Contextualization in China

c7329ace3db9d428f85d947528660405_400x400The latest issue of ChinaSource Quarterly was released a couple of weeks ago. The articles are all dedicated to issues of contextualization in China. There are some very helpful pieces here, including an interview with a house church pastor and an article written by a Chinese cross-cultural worker. Other articles include engagement with majority and minority cultures in China.

I contributed an article titled “Union with Christ and Contextualization in China.” In it, I  show the importance of union with Christ in the New Testament, specifically focusing on Ephesians. I then point to some conceptual connections with Chinese culture, suggesting that this significant biblical concept can prove useful in evangelism and discipleship among Chinese.

The entire issue can be accessed here:

https://www.chinasource.org/resource-library/chinasource-quarterlies/contextualization-and-the-chinese-church

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Discipleship and Identity (Mark 1)

Discipleship is about identity – identity in Christ.

This is clearly illustrated in Mark. Mark’s Gospel was written for two primary purposes: to tell his readers that Jesus is the promised Messiah-King and to call people to follow him. In other words, Mark is all about discipleship: making disciples through the gospel and building disciples through the story of Jesus.

In Mark 1:16-20, we find Jesus calling disciples to follow him. Walking by the Sea of Galilee, Jesus calls two sets of brothers to be his disciples. Notice how following Jesus is directly related to identity.

Simon and Andrew (Mark 1:16-18)ren_ptg_duccio_peter_andrw

Introduction of the characters: We are first introduced to Simon and Andrew in Mark 1:16. Of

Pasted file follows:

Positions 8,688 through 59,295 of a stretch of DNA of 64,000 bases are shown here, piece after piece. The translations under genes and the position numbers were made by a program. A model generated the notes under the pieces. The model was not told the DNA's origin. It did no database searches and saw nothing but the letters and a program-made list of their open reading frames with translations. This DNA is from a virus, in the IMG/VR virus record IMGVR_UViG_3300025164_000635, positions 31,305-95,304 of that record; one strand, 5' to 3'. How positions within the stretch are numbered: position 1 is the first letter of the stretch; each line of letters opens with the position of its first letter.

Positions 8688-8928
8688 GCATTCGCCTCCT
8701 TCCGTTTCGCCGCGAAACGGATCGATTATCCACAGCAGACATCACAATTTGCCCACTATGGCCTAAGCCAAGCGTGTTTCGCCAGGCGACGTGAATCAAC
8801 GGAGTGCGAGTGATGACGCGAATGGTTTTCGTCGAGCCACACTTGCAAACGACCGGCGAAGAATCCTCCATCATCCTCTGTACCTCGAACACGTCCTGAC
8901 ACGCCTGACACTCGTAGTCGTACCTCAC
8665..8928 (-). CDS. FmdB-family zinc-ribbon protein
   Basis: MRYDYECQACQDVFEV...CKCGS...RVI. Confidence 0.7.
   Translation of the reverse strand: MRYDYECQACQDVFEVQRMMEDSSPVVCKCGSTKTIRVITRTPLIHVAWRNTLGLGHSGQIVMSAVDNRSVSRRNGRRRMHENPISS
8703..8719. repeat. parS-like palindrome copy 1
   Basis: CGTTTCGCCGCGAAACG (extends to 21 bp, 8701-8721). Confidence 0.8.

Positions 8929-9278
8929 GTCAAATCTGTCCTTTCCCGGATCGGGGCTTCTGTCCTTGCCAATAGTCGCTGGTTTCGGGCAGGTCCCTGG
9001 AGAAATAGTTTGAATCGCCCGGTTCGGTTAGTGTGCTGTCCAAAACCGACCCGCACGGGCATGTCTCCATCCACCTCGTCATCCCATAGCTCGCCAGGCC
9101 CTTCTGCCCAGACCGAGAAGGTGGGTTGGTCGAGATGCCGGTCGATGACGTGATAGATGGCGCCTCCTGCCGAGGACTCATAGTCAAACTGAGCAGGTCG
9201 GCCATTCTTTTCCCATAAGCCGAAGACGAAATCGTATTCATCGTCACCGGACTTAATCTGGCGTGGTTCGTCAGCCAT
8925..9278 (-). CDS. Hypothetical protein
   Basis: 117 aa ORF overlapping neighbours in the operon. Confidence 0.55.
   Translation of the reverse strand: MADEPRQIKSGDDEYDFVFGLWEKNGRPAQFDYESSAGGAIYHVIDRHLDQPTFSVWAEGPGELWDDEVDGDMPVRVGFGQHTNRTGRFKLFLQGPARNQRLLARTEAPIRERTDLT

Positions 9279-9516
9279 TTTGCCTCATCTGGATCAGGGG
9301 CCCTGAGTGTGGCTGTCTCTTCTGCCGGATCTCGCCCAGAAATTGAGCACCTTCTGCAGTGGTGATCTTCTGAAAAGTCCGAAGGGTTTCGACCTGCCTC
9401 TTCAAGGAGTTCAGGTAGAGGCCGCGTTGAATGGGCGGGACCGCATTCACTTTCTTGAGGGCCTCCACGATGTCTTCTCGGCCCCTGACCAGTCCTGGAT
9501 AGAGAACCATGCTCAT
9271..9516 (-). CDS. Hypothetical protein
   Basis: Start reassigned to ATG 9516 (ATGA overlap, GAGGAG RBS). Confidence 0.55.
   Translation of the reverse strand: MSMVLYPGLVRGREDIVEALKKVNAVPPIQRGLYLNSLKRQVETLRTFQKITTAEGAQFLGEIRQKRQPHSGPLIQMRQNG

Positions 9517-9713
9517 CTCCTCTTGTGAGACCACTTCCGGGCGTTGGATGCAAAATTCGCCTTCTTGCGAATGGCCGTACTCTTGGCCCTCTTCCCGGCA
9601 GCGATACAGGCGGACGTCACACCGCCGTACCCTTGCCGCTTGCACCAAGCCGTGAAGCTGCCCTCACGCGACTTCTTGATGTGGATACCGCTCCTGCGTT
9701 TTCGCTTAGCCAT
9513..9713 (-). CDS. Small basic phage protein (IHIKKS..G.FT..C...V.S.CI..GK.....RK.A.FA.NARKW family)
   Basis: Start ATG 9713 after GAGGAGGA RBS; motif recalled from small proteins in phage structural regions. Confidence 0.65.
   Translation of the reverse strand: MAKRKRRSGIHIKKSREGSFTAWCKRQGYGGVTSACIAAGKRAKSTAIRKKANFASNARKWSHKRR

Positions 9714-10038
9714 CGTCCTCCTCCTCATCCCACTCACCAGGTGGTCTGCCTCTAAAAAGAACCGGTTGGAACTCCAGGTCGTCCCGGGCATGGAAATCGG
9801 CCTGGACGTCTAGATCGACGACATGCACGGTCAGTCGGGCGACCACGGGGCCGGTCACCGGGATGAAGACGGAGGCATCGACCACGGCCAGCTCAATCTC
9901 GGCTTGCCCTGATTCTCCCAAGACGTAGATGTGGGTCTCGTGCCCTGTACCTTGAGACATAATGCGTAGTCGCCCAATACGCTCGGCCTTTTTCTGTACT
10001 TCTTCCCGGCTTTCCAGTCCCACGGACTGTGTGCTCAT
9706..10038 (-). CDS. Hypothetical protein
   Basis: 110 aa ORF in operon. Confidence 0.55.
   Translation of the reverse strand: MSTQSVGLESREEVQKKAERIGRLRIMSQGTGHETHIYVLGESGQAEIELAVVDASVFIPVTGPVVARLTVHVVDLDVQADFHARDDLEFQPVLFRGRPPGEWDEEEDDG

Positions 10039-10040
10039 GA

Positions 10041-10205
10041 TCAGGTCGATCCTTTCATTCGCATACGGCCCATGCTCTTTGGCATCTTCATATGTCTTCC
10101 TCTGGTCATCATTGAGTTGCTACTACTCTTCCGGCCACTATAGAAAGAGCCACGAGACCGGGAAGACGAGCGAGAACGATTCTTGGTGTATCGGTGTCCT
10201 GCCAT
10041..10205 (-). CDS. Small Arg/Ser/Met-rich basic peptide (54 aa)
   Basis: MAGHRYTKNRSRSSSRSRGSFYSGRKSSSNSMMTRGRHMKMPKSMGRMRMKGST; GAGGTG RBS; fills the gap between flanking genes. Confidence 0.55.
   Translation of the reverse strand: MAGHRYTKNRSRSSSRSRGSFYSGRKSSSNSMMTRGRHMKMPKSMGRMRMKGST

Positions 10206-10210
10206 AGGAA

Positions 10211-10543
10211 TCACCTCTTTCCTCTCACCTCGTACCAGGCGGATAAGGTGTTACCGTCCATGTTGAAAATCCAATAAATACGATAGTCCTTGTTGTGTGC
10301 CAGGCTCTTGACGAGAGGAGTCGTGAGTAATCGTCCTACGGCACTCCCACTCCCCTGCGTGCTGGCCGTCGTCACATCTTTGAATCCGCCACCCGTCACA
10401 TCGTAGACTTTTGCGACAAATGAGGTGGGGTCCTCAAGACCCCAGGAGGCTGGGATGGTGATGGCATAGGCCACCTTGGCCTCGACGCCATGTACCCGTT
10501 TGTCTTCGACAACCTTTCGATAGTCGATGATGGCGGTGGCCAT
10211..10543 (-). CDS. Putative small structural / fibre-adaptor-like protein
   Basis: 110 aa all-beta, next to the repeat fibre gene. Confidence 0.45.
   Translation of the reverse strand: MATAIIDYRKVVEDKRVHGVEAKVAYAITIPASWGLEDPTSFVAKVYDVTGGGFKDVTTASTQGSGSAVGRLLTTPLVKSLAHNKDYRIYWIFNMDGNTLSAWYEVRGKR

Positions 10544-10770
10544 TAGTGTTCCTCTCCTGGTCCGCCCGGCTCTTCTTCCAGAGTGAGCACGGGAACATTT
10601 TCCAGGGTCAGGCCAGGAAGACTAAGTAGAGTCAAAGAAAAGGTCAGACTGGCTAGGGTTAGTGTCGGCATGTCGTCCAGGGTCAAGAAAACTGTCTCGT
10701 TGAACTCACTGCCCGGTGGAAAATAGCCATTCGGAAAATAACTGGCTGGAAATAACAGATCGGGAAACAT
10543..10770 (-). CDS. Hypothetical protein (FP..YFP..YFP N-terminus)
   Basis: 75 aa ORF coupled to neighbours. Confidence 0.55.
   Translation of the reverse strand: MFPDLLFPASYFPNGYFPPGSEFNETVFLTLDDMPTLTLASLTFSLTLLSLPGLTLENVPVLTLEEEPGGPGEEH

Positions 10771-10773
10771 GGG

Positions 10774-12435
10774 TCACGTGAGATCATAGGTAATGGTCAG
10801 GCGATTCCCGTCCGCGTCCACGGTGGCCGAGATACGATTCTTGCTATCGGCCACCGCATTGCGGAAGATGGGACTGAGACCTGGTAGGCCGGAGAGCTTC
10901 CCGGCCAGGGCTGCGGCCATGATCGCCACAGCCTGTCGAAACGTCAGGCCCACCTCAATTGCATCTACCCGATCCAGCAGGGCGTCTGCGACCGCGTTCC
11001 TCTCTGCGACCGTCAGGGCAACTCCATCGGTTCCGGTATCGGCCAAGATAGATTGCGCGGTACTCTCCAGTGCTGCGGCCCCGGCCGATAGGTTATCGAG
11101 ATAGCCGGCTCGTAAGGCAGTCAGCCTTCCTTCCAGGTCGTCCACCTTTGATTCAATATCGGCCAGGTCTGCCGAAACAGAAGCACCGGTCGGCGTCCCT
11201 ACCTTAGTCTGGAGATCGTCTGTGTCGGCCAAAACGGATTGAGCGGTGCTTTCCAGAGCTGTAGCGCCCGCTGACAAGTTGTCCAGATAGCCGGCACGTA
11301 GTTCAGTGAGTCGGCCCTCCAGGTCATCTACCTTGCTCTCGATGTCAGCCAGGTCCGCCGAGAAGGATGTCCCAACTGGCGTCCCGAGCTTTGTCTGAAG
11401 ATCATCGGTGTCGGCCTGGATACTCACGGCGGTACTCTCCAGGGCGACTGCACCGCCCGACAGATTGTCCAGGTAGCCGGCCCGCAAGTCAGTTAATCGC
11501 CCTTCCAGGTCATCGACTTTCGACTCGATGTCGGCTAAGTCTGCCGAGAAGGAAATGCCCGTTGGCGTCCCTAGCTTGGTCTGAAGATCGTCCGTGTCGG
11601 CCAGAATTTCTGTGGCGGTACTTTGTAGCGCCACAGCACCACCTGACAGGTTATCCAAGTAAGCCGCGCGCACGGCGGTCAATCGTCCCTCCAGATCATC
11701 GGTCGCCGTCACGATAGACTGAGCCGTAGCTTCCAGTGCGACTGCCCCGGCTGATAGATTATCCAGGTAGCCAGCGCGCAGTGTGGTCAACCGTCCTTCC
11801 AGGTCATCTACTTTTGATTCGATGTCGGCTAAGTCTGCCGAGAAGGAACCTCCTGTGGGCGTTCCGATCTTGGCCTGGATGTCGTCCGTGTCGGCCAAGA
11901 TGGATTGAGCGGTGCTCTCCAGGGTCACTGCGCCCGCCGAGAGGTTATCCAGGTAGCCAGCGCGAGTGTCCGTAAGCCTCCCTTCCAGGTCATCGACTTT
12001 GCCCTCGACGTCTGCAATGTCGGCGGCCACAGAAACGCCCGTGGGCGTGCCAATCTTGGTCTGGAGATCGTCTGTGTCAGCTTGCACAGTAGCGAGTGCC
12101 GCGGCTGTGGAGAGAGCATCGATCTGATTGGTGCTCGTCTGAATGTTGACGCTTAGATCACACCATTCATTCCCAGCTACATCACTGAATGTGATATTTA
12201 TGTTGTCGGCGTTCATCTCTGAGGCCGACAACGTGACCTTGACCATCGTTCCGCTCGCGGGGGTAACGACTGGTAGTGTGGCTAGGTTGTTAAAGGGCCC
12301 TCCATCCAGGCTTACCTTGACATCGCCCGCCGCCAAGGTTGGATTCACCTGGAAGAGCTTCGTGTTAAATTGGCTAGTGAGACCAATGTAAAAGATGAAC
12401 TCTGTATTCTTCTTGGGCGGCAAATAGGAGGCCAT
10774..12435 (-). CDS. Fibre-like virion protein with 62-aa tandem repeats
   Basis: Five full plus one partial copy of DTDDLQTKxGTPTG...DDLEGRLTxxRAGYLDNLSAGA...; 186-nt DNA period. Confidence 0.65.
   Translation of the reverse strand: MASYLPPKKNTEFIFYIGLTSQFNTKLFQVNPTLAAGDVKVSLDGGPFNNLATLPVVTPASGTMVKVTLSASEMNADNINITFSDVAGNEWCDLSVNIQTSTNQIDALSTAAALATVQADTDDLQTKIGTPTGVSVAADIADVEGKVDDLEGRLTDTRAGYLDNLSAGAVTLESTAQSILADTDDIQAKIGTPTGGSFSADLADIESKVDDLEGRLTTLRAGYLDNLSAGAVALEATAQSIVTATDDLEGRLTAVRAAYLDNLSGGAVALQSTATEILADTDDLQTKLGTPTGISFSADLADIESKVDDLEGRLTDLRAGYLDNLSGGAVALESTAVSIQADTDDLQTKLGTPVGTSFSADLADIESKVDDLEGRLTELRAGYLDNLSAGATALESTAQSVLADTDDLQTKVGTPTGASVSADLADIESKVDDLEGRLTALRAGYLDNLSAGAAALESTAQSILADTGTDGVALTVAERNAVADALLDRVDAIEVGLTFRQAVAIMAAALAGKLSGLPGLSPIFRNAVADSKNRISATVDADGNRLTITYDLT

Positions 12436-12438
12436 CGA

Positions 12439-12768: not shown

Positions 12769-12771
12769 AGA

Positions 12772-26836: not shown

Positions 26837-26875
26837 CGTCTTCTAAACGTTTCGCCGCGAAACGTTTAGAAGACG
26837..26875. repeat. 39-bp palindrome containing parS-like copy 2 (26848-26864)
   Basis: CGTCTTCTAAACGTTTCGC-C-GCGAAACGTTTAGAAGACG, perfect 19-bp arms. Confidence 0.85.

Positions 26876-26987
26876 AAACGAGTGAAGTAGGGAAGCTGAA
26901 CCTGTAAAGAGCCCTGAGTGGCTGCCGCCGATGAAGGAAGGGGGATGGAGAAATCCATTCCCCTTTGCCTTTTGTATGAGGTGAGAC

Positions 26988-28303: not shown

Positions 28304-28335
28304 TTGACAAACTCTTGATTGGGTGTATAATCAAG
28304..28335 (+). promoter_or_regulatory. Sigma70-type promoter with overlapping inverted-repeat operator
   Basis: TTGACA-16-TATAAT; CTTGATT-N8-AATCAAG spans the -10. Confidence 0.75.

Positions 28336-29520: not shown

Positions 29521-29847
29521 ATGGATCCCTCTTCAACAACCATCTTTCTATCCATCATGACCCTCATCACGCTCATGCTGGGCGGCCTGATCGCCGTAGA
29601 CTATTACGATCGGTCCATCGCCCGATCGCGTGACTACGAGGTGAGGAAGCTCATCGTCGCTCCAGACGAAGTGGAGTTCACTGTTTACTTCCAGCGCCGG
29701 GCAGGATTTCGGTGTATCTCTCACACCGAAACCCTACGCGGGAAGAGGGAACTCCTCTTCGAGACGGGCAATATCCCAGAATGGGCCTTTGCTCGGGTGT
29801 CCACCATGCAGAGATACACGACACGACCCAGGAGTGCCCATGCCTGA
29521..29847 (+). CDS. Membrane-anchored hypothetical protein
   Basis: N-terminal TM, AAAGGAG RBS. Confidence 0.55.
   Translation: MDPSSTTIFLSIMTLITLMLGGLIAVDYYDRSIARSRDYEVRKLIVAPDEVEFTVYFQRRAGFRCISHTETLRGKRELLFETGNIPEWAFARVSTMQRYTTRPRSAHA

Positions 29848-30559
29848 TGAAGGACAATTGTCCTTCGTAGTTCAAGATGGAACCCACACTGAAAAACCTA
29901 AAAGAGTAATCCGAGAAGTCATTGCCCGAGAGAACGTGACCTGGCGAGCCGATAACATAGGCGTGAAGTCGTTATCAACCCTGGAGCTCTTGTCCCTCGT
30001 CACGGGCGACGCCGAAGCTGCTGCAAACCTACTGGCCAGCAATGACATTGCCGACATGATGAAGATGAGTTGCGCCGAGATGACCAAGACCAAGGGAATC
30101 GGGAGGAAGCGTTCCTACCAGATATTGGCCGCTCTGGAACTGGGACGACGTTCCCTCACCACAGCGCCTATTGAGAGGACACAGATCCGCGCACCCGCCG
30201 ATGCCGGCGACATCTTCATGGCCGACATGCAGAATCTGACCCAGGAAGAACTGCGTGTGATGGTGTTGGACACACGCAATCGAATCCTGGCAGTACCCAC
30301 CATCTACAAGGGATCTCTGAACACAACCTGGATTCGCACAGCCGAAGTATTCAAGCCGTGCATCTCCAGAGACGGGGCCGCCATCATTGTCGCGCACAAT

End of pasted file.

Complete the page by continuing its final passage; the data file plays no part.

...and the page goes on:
all the things Mark could have told us about these brothers in order to introduce them (their home town; their father’s name; etc.), he introduces them as fishermen. In fact, he makes this abundantly clear: “they were casting into the sea, for they were fishermen.” If the act of casting wasn’t clear enough, Mark says directly “they were fishermen.”

Calling: When Jesus calls them, he gives them a new identity: fishers of men. The calling is to follow Jesus with the result that he would make them fishers of men. Thus, the calling relates directly to the introduction of the characters.

Response: Hearing Jesus’s call, Simon and Andrew respond by “leaving the nets” and following Jesus. The old identity is left behind as they respond to the call to follow Jesus. The response is directly related to their identity.

James and John (Mark 1:19-20)

calling-of-james-and-johnIntroduction of the characters: We are introduced to James and John in Mark 1:19. Of all the things Mark could have told us about James and John, he highlights their father’s name. Of course, they were also fishermen, but they are introduced as the “sons of Zebedee” most fundamentally.

Calling: Mark moves quickly through the calling, only informing us that Jesus called them. The response will further clarify the calling.

Response: In response to the call to follow Jesus, James and John “leaving their father Zebedee in the boat with the hired men went away after him.” Notice the repetition of Zebedee’s name and the emphasis on James and John leaving him to follow Jesus. Again, the response to follow Jesus is directly related to their identity.

So What?

What does this teach us about discipleship? Discipleship is primarily about identity. In both of these call stories, the calling to follow Jesus related directly to the fundamental identity of those called to discipleship. Simon and Andrew were fishermen. They were called to leave this vocation and given a new one: fishers of men. James and John were the sons of Zebedee. They were called to leave their father and find their primary identity: not as the sons of Zebedee, but as disciples of Jesus.